In our final post for 2019, Mary Burnham rounds up her favourites of the year. See you in 2020!
It’s that time of year when so many people give books as gifts to friends and family as a token of their love. But it’s often difficult to choose from the plethora of new titles screaming out for your attention in bookshops up and down the country. To make it a little easier here are some of my favourites that I’ve read throughout the year, all of them suitable for just about anyone who enjoys reading a good story well told.
“A book is a gift you can open again and again.”
Olive, Again by Elizabeth Strout is a recent release but already a firm favourite with so many readers. Reading about this uniquely awkward woman (who would strain the patience of a saint) should be an inspiration to all writers who aspire to truthfulness and clarity in their work.
Nickolas Butler’s second novel, Little Faith is about a small family unit. It’s set in rural America but could easily be downtown Galway, as people come up against the same personal problems everywhere. An adored grandchild means the world to her grandparents but their difficult daughter ensures that having any kind of relationship at all comes at an almost impossibly high cost.
Delia Owens’s first novel Where the Crawdads Sing came out of nowhere and enchanted readers everywhere. It is about the outsiders who tend to be blamed for everything that goes wrong in town — when a young man is murdered the finger is well and truly pointed in their direction. Atmospheric, pastoral, intriguing and a blooming good story.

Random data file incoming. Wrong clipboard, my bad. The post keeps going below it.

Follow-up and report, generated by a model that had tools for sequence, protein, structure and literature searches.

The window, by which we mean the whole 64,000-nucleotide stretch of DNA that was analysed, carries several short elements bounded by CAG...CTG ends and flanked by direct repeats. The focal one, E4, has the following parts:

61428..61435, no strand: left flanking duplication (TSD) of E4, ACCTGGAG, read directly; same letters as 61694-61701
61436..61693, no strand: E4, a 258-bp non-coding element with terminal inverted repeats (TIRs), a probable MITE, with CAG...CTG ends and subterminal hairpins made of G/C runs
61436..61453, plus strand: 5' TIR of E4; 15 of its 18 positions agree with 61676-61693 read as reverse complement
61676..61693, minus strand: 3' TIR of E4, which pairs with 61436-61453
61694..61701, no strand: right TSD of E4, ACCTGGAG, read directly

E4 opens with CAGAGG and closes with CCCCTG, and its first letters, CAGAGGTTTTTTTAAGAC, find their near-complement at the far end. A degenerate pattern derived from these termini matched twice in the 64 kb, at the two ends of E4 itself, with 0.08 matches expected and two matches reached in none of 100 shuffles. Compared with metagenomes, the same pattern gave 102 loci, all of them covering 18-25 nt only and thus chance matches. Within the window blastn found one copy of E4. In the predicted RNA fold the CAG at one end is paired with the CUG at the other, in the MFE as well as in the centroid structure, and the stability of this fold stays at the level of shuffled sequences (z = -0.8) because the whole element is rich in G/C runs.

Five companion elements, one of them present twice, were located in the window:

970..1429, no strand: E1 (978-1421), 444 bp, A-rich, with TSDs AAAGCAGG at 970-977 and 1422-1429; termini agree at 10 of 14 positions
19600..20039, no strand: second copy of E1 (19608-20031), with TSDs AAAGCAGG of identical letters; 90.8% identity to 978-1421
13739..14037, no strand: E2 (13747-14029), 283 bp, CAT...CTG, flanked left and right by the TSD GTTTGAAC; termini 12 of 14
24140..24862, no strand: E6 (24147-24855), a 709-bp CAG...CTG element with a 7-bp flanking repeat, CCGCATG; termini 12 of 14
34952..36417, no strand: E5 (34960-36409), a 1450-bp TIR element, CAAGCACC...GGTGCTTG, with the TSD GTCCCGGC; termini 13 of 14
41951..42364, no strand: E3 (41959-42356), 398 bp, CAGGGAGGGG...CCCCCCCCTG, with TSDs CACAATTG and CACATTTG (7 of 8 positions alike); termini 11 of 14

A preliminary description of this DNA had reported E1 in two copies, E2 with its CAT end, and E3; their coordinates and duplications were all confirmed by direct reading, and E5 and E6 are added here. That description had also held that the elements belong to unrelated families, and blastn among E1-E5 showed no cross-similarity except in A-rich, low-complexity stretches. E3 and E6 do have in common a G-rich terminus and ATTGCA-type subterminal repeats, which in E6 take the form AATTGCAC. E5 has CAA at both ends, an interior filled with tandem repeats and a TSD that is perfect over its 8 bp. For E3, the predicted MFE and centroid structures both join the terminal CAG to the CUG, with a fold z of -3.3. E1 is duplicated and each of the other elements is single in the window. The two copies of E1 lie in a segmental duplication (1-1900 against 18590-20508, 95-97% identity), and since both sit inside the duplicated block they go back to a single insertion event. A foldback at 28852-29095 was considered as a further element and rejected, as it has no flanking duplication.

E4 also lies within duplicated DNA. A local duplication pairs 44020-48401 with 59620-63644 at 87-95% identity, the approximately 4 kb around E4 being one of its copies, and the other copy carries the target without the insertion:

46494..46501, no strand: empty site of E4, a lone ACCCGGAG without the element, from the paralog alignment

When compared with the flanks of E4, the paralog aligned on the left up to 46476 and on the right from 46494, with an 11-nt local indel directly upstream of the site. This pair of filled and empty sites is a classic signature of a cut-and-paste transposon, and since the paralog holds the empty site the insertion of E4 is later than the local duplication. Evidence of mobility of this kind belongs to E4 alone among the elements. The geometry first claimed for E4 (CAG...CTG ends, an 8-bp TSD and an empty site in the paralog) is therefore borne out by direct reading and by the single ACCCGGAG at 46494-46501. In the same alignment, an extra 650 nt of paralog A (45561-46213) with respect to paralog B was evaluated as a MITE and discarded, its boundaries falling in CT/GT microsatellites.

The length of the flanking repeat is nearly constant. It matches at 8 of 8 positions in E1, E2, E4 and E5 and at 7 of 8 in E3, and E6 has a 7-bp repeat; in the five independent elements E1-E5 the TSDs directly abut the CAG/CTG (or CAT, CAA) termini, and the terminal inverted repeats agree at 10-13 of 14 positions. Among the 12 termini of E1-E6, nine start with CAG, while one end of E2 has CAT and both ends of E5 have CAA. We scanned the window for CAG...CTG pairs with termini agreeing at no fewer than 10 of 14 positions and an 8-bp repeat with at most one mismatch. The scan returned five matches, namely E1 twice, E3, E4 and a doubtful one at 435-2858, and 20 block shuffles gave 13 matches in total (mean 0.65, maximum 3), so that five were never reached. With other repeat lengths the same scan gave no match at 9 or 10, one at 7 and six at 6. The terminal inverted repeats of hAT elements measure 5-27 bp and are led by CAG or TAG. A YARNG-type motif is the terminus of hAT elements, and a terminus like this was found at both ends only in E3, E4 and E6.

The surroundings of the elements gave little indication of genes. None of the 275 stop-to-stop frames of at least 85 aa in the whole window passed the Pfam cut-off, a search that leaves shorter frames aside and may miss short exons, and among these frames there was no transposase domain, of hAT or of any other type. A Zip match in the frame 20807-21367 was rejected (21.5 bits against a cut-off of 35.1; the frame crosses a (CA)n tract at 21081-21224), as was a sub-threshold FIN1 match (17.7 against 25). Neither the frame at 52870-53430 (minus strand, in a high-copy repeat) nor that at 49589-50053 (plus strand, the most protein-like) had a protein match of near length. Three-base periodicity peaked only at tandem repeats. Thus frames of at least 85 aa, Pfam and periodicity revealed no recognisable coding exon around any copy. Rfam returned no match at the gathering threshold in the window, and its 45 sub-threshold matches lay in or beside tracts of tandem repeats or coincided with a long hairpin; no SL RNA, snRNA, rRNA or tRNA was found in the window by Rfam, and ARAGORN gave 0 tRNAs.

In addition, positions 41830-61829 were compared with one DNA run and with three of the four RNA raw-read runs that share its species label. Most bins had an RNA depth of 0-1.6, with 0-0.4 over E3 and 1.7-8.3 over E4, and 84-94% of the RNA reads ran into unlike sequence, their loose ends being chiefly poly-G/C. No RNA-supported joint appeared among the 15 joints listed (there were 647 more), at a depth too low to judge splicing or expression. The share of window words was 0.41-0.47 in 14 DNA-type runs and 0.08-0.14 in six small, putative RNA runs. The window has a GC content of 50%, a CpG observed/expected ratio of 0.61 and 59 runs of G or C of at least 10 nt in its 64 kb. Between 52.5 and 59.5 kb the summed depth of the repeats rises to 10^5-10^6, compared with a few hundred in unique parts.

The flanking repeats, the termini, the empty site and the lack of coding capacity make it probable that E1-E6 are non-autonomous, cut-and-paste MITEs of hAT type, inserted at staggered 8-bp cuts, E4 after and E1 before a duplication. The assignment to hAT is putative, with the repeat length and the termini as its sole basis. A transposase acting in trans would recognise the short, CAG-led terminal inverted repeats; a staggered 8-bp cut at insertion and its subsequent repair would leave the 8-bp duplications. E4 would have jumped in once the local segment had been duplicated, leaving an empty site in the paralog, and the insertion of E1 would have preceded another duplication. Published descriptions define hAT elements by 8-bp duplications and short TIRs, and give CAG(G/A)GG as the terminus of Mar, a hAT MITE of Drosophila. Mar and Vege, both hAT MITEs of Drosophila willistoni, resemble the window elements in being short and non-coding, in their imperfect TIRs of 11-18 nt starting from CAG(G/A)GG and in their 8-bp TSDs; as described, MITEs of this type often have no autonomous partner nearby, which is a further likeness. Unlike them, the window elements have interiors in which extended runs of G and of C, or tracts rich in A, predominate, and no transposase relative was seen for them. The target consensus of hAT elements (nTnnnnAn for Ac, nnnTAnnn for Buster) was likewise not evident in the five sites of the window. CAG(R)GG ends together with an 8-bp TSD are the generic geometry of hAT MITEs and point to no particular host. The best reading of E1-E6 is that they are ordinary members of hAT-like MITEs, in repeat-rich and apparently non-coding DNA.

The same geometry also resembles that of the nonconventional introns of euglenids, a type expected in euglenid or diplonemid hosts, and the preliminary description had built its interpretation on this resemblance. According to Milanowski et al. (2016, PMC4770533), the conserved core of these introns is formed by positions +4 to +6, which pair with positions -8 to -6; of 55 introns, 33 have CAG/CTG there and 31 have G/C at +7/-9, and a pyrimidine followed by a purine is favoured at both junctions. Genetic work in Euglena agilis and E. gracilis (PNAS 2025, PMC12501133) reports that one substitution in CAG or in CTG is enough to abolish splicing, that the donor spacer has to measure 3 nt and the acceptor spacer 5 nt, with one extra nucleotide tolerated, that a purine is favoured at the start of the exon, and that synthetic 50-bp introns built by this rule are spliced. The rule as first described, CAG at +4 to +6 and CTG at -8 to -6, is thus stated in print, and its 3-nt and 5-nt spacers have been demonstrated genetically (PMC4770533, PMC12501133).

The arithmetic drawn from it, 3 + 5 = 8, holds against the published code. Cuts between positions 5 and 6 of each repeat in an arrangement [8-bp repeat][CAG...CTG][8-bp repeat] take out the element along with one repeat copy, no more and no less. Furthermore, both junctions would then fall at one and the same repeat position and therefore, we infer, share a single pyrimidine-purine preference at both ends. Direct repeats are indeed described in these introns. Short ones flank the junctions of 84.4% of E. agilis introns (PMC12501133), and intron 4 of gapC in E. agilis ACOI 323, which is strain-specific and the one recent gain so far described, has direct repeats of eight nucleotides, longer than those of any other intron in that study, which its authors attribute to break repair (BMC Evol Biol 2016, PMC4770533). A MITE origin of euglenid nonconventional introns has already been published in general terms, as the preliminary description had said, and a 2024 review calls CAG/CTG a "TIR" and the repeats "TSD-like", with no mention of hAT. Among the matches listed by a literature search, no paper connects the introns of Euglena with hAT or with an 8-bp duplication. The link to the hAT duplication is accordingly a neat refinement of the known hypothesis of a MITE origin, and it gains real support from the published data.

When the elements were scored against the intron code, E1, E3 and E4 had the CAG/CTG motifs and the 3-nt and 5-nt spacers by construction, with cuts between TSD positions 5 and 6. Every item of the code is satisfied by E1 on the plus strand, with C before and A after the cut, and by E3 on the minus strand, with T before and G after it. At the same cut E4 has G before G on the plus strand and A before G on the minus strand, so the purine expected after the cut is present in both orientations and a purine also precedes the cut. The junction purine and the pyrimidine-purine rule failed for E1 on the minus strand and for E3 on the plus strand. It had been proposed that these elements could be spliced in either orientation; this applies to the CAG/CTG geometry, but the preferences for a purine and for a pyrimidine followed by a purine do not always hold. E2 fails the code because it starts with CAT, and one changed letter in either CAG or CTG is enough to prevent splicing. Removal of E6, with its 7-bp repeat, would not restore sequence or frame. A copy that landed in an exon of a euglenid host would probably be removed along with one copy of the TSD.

East Germany before the fall of the Berlin Wall is the setting for Confession with Blue Horses. Life there is about settling for less and making do. But there’s a wide world beckoning and a journey with tragic consequences that haunts the characters in this book for the rest of their lives. Sophie Hardach brings us bang up to the present day to try and discover what happened, and who was to blame in this fabulous story.
The Secrets We Kept by Lara Prescott is an intriguing look at the world of Boris Pasternak as he prepares to write his novel, Doctor Zhivago. Meanwhile, in the States, spies are keeping abreast of the situation, waiting for publication, searching for subliminal messages in the text. Stalin was raging, doing everything in his power to prevent this book coming out in print but thankfully this modern classic eventually reached the world stage and millions of readers.
The Dutch House by Ann Patchett is one of those books that delivers everything we look for in a novel: charismatic characters, sublime scenery, family feuds, love, loss and reunions. What a story, what a storyteller!
Girl, Woman, Other by Bernardine Evaristo, joint Booker Prize winner, a book that operates on so many levels and gives oodles of pleasure to the reader. Twelve different and yet interconnected characters move through their lives as they experience everyday racism, sexism, violence, success, and wonder. It’s a book that makes you glad to be alive and ready for action!